Neurofibromatosis (NF) is a set of complex genetic conditions that can affect nearly every organ system in the body. NF causes tumors to grow on nerves throughout the body and in the brain. Other problems can include learning issues and bone deformities.
Neurofibromatosis I. This is the more common of the two disorders. It is also called Von Recklinghausen's disease. The classic symptom of NF I is light brown patches of pigment on the skin, called cafe-au-lait spots. Benign (non-cancerous) skin tumors associated with this condition are called neurofibromas. Neurofibromas are often found growing on the nerves and in various organs of the child's body. There is a high rate of brain tumors in patients associated with NF. Less than one percent of individuals with NF will have malignant (cancerous) changes in the neurofibromas. Lisch nodules, which are small tumors on the iris (colored part of the eye), may appear around adolescence, but usually do not cause problems. Hearing loss, headaches, seizures, scoliosis, and facial pain or numbness may also be present. Intellectual disability is present in up to one percent of individuals with neurofibromatosis I, while other children may have learning problems and hyperactivity.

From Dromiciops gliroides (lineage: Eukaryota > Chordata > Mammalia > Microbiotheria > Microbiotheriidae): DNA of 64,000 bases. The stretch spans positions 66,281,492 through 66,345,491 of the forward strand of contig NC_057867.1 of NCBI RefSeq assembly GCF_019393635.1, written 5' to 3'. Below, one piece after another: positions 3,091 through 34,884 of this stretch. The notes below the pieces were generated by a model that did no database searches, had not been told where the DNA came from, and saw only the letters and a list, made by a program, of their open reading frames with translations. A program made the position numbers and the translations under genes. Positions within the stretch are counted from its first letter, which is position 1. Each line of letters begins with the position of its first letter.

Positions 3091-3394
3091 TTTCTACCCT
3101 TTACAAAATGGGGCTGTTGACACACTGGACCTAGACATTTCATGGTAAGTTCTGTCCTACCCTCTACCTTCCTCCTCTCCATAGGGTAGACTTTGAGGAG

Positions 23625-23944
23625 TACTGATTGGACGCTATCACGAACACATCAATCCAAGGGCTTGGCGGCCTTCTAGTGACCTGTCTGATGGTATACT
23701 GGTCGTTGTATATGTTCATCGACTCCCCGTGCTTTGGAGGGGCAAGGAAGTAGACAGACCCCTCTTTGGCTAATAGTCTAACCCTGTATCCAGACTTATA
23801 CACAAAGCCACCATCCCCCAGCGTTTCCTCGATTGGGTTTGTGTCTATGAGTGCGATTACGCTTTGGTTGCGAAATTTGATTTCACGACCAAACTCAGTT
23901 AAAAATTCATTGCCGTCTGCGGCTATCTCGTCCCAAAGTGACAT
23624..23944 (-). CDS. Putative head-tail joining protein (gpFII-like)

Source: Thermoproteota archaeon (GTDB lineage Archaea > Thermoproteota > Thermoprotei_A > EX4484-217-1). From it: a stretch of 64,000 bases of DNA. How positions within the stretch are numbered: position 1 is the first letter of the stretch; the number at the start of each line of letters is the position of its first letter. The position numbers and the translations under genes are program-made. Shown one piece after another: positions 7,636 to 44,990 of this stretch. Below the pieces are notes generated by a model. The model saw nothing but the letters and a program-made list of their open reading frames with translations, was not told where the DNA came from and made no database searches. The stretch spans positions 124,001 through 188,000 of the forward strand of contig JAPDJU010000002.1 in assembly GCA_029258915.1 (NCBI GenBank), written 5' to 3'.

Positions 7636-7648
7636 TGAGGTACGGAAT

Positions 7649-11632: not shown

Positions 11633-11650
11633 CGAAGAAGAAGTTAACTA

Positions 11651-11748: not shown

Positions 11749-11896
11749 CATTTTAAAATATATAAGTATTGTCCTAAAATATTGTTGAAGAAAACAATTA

Neurofibromatosis II. According to the NINDS, this type of neurofibromatosis affects approximately one in 25,000 people, and symptoms are usually noticed between 18 and 22 years of age. It is known as bilateral acoustic neurofibromatosis and is less common. This disease is characterized by tumors on the eighth cranial nerve, which can lead to hearing loss, headaches, problems with facial movements, problems with balance, and difficulty walking. Hearing loss may be noted as early as the teenage years. Other clinical signs of NF II may include seizures, neurofibromas (skin nodules), and cafe-au-lait spots (although these are not nearly as common as in NF I).